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Discussion Forum
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Engine trouble???

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SMTA Man

05-21-2001 20:29:03




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Last fall I put new pistons, rings and liners in my smta. I also had the valves ground and some of the seats were a bit narrow. The tractor does not seem to have the power it should. I ran a compression test on all cylinders with it cond and they showed 60 pounds, even in all cylinders. With the tractor warmed up but not to operating temp all cylinders were at 90 pounds plus or minus 2 pounds. I haven't really had a chance to work the tractor hard, I am wondering if maybe the rings haven't seated. It probably has 20 hours on it since the overhaul mostly light work with snow blade and harrow. What do you think? I don't have a job to put it on a hard pull for an extended time, thinking about taking it to a shop and running it on a dyno for a couple hours. Any suggestions appreciated.

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W.W.

05-23-2001 06:58:27




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 Re: engine trouble??? in reply to SMTA Man, 05-21-2001 20:29:03  

compression is way too low. are you sure you put in the right pistons?



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Les

05-22-2001 12:16:44




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 Re: engine trouble??? in reply to SMTA Man, 05-21-2001 20:29:03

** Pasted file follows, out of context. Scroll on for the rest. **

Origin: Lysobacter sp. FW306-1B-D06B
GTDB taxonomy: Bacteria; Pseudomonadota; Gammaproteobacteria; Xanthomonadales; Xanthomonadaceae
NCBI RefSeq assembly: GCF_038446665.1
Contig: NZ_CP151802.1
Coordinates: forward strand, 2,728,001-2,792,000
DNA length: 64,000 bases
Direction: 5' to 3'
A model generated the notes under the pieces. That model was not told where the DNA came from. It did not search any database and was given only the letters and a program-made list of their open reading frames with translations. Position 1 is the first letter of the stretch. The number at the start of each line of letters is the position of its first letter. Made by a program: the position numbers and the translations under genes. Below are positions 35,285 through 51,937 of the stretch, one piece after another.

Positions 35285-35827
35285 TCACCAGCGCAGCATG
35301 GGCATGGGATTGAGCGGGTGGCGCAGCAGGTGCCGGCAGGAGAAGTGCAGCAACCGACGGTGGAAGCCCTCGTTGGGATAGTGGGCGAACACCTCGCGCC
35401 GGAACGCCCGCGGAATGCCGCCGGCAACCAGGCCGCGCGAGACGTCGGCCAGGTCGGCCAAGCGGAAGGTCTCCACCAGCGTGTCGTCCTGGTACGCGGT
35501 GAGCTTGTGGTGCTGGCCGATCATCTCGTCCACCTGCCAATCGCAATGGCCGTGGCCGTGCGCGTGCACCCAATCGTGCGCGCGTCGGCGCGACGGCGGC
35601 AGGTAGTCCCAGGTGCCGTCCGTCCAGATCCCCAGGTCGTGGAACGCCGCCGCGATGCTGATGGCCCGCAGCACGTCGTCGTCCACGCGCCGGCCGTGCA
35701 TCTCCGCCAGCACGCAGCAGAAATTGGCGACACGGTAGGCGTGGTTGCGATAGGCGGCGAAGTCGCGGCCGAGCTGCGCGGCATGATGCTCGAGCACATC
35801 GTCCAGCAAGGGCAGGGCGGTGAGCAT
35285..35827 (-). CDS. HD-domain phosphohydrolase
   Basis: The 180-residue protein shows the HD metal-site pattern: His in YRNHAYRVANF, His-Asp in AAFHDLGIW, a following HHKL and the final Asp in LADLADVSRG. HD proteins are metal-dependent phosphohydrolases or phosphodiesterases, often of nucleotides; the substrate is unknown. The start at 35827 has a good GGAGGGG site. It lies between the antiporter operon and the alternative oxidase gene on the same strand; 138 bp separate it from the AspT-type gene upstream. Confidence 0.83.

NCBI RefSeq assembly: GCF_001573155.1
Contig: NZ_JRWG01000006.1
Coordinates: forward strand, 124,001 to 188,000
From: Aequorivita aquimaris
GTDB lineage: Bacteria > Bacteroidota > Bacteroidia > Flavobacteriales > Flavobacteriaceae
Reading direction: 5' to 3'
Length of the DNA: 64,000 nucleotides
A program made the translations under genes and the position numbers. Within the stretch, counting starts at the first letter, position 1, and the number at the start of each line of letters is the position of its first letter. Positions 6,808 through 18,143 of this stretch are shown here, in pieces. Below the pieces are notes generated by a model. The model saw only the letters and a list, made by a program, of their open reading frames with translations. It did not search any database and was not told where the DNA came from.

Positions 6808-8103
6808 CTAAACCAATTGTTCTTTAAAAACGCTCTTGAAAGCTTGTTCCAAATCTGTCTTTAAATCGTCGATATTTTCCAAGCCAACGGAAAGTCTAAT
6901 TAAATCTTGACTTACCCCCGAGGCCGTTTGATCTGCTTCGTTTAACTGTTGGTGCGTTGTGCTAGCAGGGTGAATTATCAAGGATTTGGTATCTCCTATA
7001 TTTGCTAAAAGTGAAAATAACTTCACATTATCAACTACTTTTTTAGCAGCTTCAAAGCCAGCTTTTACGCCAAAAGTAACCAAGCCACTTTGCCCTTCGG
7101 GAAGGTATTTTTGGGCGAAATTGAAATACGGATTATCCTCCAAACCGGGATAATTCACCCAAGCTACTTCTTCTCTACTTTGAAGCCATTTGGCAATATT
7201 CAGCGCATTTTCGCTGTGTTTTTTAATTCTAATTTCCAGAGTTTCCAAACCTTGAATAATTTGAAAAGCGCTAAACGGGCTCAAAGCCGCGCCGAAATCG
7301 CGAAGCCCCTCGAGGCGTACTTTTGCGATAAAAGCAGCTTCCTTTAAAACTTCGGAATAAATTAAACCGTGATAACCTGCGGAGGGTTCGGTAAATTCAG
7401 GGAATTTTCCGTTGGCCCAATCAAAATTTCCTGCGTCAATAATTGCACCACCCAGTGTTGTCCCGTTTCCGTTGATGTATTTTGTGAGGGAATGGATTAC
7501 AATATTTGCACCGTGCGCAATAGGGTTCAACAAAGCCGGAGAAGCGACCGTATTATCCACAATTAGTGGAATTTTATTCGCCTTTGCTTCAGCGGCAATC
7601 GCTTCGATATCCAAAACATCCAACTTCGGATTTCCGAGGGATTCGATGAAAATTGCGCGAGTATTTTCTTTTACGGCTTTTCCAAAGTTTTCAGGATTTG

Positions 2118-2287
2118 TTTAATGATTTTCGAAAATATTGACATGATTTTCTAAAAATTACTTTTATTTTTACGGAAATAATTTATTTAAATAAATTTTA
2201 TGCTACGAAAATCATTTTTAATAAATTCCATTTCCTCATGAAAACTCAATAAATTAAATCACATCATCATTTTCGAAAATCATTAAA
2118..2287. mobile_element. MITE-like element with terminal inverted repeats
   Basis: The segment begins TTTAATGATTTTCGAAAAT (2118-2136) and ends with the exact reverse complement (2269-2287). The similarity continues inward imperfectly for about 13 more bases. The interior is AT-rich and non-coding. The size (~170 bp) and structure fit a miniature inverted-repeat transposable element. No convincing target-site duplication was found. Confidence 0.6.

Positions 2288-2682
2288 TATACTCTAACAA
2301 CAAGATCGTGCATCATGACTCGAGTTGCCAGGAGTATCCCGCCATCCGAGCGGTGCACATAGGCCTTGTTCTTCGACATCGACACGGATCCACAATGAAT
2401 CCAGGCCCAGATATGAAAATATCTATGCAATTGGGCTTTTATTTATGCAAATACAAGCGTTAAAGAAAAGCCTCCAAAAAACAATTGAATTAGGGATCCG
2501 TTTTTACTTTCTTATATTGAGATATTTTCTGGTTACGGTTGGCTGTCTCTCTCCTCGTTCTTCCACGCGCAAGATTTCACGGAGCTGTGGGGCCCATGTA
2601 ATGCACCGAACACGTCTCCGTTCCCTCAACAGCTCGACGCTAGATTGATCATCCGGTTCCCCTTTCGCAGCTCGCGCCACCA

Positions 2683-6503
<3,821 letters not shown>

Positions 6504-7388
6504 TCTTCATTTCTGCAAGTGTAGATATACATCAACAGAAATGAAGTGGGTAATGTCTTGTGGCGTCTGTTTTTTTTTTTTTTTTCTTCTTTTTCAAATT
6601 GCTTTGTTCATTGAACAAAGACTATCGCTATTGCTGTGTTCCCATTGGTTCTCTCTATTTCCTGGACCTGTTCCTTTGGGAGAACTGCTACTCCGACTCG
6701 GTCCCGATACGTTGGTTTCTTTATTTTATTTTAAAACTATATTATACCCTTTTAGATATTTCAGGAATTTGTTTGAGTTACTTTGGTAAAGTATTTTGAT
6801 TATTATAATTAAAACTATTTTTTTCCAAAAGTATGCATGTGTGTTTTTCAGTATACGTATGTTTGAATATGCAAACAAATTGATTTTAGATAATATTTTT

Perhaps you can get access to a deferential pressure gauge. This tool allows you supply a known pressure from a compressor to the cylinder which is displayed on one gauge a second gauge measures the difference between input pressure (80 PSI for aircraft engines) and the pressure that the cylinder is capable of maintaining. The difference between input and cylinder pressure allows you to compare the cylinders. On aircraft engines the allowable difference is most often 20 PSI maximum with an average diffence of 10PSI for all cylinders.
This test requires that the piston in the cylinder being checked be at TDC. A TDC indicator is handy. Any pressure being lost will be past the piston rings or valve seats,or. You will be able to hear which direction escaping air is going. Sorry for the lengthy post.
Les

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oldtractor

05-22-2001 09:57:09




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 Re: engine trouble??? in reply to SMTA Man, 05-21-2001 20:29:03  
I don`t think the narrow valve set is the trouble, try this before pulling head. Hold a piece of paper over the exhaust pipe or muffler, if the paper tries to suck in the exhaust then just maybe you have a valve problem. If not you need to put the tractor on a dyno at a tractor show or shop and check the horsepower, to know for sure. Do this with the motor at idle speed.
Rick Wisehart.



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Jim

05-22-2001 08:01:13




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 Re: engine trouble??? in reply to SMTA Man, 05-21-2001 20:29:03  
I have been down this road so many times on tractors with live hydraulic pumps. The cam gear's center breaks out or the nut comes loose and / or the keyway wears out. and slows the cam timing and bleeds off the compression. My advice is to pull the hydraulic pump and see if the cam gear is loose.



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Bob M

05-22-2001 08:21:38




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 Re: Re: engine trouble??? in reply to Jim, 05-22-2001 08:01:13